My son, his wife and young daughters are flying into Tokyo on March 31 and...

My son, his wife and young daughters are flying into Tokyo on March 31 and flying out on April 14...

My son, his wife and young daughters are flying into Tokyo on March 31 and flying out on April 14...

By: Arun Bhagra
February 10 , 2017
02 Min Read

Q.  My son, his wife and daughters (aged 5 and 3), are flying into Tokyo on March 31 and flying out on April 14.  Could you suggest an itinerary (air/rail or a combination) for them to cover the cherry blossom season, nature and historical places where my granddaughters can enjoy themselves? Also hotels that are not too expensive.

Marco Says:

The first thing anyone visiting Japan for two weeks should do is buy a Japan Rail Pass. The country’s rail system is extensive, efficient and affordable. I’m beginning my response with this to impress upon you the condition that the pass needs to be bought before arriving in Japan. The website japanrailpass. net has all details, including prices (14-day passes are available), routes and trains (can be confusing but travelling on just the Shinkansen, aka bullet train, should suffice for the main tourist spots) as well as a list of agents in India who sell the pass.

It’s a pity the kids are so little–there’s so much that is of interest to adults, of course, but to older children and teenagers too. I’m going to assume this family won’t want to hurtle around the country with children this young. That being the case, they should keep their travelling down to three popular destinations: Tokyo, Kyoto and Osaka.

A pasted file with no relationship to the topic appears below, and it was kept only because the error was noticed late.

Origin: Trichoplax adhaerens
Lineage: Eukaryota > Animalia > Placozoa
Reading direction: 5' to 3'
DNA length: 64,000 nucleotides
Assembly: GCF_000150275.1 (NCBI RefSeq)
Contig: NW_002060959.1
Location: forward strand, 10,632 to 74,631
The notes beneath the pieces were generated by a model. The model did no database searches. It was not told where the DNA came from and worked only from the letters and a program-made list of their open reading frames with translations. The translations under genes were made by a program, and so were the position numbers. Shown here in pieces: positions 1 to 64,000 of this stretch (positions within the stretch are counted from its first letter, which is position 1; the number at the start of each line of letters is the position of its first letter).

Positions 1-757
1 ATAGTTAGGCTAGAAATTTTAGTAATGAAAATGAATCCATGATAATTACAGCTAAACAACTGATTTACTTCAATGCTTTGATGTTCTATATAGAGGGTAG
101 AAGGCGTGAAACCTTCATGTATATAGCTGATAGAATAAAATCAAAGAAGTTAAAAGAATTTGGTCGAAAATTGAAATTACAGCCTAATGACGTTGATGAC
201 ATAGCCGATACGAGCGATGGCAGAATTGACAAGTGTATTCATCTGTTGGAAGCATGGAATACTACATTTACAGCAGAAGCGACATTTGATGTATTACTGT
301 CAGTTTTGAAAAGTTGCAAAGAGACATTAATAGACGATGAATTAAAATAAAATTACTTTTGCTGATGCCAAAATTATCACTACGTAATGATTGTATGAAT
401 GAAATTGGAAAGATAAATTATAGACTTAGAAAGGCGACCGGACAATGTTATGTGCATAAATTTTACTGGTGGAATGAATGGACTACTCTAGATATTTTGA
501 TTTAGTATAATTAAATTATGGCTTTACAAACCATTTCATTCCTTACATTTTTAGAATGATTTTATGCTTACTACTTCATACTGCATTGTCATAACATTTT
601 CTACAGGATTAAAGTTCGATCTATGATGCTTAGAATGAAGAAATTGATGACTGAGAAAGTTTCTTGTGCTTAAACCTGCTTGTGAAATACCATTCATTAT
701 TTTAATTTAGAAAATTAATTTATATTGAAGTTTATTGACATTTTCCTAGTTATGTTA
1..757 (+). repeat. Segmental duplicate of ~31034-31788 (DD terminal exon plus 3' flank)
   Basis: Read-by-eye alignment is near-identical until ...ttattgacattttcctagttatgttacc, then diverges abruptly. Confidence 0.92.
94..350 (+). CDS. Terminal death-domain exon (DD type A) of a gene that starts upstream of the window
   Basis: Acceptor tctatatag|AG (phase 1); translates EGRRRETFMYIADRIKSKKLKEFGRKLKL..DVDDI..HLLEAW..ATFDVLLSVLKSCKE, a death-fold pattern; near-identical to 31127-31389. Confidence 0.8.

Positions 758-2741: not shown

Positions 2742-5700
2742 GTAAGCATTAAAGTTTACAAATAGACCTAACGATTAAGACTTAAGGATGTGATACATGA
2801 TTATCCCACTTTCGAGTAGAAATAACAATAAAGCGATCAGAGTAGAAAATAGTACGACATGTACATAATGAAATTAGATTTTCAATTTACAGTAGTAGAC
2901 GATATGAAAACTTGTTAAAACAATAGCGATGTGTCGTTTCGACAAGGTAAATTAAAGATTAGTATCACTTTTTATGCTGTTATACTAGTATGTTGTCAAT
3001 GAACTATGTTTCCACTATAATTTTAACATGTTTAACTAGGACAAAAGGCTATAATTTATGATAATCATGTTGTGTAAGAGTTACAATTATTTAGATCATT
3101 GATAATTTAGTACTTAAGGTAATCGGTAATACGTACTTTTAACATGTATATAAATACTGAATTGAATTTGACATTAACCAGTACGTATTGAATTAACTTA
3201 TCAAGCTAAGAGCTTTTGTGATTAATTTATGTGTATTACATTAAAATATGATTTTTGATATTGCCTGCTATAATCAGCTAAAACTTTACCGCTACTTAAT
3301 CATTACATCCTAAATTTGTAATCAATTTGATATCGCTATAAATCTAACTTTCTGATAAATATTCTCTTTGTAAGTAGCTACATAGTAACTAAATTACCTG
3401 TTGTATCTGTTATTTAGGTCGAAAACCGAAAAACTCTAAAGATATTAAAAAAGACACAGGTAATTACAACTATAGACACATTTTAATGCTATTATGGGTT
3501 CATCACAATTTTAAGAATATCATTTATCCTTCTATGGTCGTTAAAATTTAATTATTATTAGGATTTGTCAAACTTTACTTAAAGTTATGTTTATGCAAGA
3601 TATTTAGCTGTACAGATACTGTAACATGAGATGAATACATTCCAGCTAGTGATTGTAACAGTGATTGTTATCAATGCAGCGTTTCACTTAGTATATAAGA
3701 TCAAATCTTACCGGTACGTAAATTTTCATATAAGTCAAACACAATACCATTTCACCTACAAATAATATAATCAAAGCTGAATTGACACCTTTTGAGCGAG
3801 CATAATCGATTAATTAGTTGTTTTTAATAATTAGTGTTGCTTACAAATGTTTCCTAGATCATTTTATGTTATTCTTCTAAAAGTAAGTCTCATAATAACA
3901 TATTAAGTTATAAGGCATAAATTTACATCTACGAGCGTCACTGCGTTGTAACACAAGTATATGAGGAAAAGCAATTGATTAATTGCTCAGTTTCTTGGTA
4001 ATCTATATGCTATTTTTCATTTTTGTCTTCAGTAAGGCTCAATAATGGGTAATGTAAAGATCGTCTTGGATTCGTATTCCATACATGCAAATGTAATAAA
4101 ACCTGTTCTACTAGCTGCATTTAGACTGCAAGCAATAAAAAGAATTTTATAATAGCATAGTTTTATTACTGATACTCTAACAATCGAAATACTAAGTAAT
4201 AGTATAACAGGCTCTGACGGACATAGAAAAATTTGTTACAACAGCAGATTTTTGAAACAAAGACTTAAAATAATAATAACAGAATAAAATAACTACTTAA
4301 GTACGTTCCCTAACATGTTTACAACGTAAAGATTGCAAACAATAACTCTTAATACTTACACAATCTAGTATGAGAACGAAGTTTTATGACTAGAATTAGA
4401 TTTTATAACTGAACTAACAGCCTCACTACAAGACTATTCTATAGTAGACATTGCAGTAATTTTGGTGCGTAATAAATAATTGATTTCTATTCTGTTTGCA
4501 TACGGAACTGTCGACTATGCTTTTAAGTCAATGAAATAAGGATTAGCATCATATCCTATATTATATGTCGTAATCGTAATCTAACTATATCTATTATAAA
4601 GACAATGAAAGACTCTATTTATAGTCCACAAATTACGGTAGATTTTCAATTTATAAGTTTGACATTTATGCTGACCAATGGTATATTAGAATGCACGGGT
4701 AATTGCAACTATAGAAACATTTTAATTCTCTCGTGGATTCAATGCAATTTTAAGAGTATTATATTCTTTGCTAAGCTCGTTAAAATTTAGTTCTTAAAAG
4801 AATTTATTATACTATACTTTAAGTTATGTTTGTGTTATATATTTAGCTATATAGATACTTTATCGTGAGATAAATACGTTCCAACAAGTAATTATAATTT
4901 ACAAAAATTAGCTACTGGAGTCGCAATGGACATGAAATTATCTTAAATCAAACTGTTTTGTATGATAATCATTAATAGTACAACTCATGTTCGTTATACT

In Tokyo, kid-centric activities include: Ueno Park, which has the National Museum of Nature and Science (dinosaurs and discovery room) as well as Ueno Zoo; the Fukugawa Edo Museum, which is fascinating to little ones for its recreation of a 19th-century Japanese neighbourhood; and definitely the National Children’s Castle (music, art, rooftop playground). Attractions for adults, which don’t preclude kiddie enjoyment: an early morning walk around the fascinating Tsukiji Fish Market (hope they’re not vegetarian!); Hama Rikyu, an old Japanese garden from where they can take a cruise along the Sumida river to Asakusa to see the Sensoji Temple and go souvenir shopping at Nakamise Dori; Akihabara, for crazy electronics shopping; and stunning city views from the 45th floor of the Tokyo Metropolitan Government Office. If they have any interest in Japan’s exquisite art and craft, a must-visit is the Tokyo National Museum. And, of course, there’s Tokyo Disneyland.

In Kyoto: certainly the Toei Kyoto Studio Park/Movie Land, for a ninja show, haunted house, and other great stuff for kids; Kiyomuzu Temple; Nijo Castle; and the Kyoto International Manga Museum.

In Osaka: the Floating Garden Observatory; Osaka Castle; Osaka Aquarium; and of course Sega Amusement Theme Park as well as Universal Studios! For standard-issue but comfortable and very affordable accommodation, the Sunroute group has hotels across the country (sunroute.jp/English).


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